It’s been a manic old week but I have to report back on a tasting of Les Carmes Haut Brion with Didier Furt at our offices on monday. This was a massively exciting tasting for me as I have been raving about and buying the wines from Les Carmes Haut Brion for many years. I often think that it is missunderstood as a second label of Château Haut-Brion, after all it can become confusing with “La Mission”, “Larrivet”, “La Tour”, “Bahans” etc that are all produced nearby. Château Les Carmes Haut-Brion is in fact the direct neighbour of the illustrious First Growth. The history of the estate actually shows that it was part of Haut Brion (zoom in on the map on the site http://www.les-carmes-haut-brion.com/gb/le-vignoble-les-carmes-haut-brion.asp.)
History – As one might expect, the origins of the estate have ecclesiastical roots. Jean de Pontac, owner of Château Haut-Brion, guaranteed his untroubled entry through the Pearly Gates (at the age of 101!) by donating vines (now the walled vineyard) to the “Carmelite nuns”, just prior to his death in 1584. They owned the estate until 1789 when it was seized by the State during the Revolution and eventually sold to the Chantecaille family, who were Bordeaux negotiants. The aesthetically pleasing château was constructed in the 19th century, surrounded by landscaped gardens. The current director is a descendant of this family: Didier Furt who has replanted 50% of the vines during his tenure and renovated both the cellars and vat room in 1987.
The Vineyard – covers 4.66-hectare on a top soil composed of sand/gravel and clay above a bed of gravel. The vineyard is planted with 55% Merlot, 25% Cabernet Franc and 20% Cabernet Sauvignon with an average vine-age of 40 years.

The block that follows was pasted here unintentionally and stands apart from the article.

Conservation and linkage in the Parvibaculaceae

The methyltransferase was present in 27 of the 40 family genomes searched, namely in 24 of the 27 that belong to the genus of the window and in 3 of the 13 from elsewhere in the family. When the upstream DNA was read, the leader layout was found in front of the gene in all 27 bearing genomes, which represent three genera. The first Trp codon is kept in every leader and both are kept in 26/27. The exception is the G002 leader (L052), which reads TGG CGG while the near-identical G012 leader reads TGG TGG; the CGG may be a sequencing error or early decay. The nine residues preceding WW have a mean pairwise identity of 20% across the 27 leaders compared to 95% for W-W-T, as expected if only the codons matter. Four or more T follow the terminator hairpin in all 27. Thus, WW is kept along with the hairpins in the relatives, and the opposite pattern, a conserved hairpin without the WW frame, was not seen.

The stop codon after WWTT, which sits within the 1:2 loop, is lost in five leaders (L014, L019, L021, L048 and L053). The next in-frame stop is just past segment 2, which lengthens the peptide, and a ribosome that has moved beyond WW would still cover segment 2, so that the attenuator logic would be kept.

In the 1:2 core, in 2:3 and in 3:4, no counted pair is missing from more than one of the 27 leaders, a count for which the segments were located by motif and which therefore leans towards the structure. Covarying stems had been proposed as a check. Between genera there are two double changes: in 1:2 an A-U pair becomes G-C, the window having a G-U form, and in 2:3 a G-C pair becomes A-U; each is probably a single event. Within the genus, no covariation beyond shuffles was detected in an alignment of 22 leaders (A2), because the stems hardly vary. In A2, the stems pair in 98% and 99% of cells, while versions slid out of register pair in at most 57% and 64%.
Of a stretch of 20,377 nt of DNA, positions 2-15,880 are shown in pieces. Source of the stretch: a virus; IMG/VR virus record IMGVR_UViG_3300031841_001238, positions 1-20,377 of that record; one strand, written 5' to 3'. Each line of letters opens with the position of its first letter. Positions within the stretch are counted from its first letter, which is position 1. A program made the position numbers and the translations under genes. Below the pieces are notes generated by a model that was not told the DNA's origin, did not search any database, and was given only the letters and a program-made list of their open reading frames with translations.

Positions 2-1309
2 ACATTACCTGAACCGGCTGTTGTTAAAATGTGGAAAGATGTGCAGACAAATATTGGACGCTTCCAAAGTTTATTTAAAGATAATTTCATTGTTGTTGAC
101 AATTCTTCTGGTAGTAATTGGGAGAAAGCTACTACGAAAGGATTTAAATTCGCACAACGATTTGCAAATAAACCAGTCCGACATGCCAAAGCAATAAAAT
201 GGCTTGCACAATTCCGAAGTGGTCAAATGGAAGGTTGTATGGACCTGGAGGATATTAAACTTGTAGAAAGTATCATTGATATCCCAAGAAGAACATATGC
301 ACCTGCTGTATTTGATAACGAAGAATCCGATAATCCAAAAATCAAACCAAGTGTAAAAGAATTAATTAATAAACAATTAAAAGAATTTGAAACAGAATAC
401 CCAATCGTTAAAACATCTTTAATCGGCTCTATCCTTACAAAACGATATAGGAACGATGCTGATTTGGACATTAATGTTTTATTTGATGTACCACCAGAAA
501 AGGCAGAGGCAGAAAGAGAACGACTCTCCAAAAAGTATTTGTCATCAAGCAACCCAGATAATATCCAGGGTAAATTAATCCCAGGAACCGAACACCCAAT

Vinification – Grapes are harvested by hand and are then fermented in small stainless-steel vats, ranging in size from 40hl to 80hl for two to three weeks depending on the vintage. The wine is then transferred into barrel for 18 months where the malolactic fermentation takes place. Approximately one-third of the barrels are renewed annually and the wine is finally fined with egg-whites before bottling. A minute 2,000 cases of Grand Vin are produced.
The tasting: We decided to go oldest to youngest – I prefer this way as you can loose the subtlety of the developed wine otherwise
1998 – 17++ Savoury core with a touch of earthy spice, would be superb with Lamb I think. Good acidity and structure and a lovely sweetness. Now -2014
2001 – 18 For me and many other the very best of a good bunch. A very slight smokiness with lots of fruit (dates, figs and blackberry). Lovely structure and acidity…. A brilliantly balanced wine. Now- 2020
2002 – 16+ A simpler nose and a more straight forward wine, enjoyable if a little monosyllabic. I struggle to find charm in any 2002’s. Good but no more. Now – 2013
2003 – 17+ A “Chaise Longue wine” according to Didier and I know what he means. Decadent and hedonistic with that bruised fruit character so true to the vintage. Mature finish. Now- 2020 depending how you like your 03’s
2005 – 18 A more fruited and youthful colour. The first vintage made by Didier’s daughter Penelope. Very rich, very primary and a very very young wine. 70% new oak and with a long life ahead of it. 2014-2034
2006 – 17++ In many way the most pleasant surprise, I remember it being good a year ago but this was even better. Red, black fruits a little like 2001 but chunkier. Fresh. 2013-2023
2007 – 17 A good effort in a less that great vintage. Red fruit to the fore and elegance (the only thing to aim for in 2007). Very balanced and very pessac in style.
The overall impression was of a Chateau on form and rightly beginning to get the plaudits it deserves.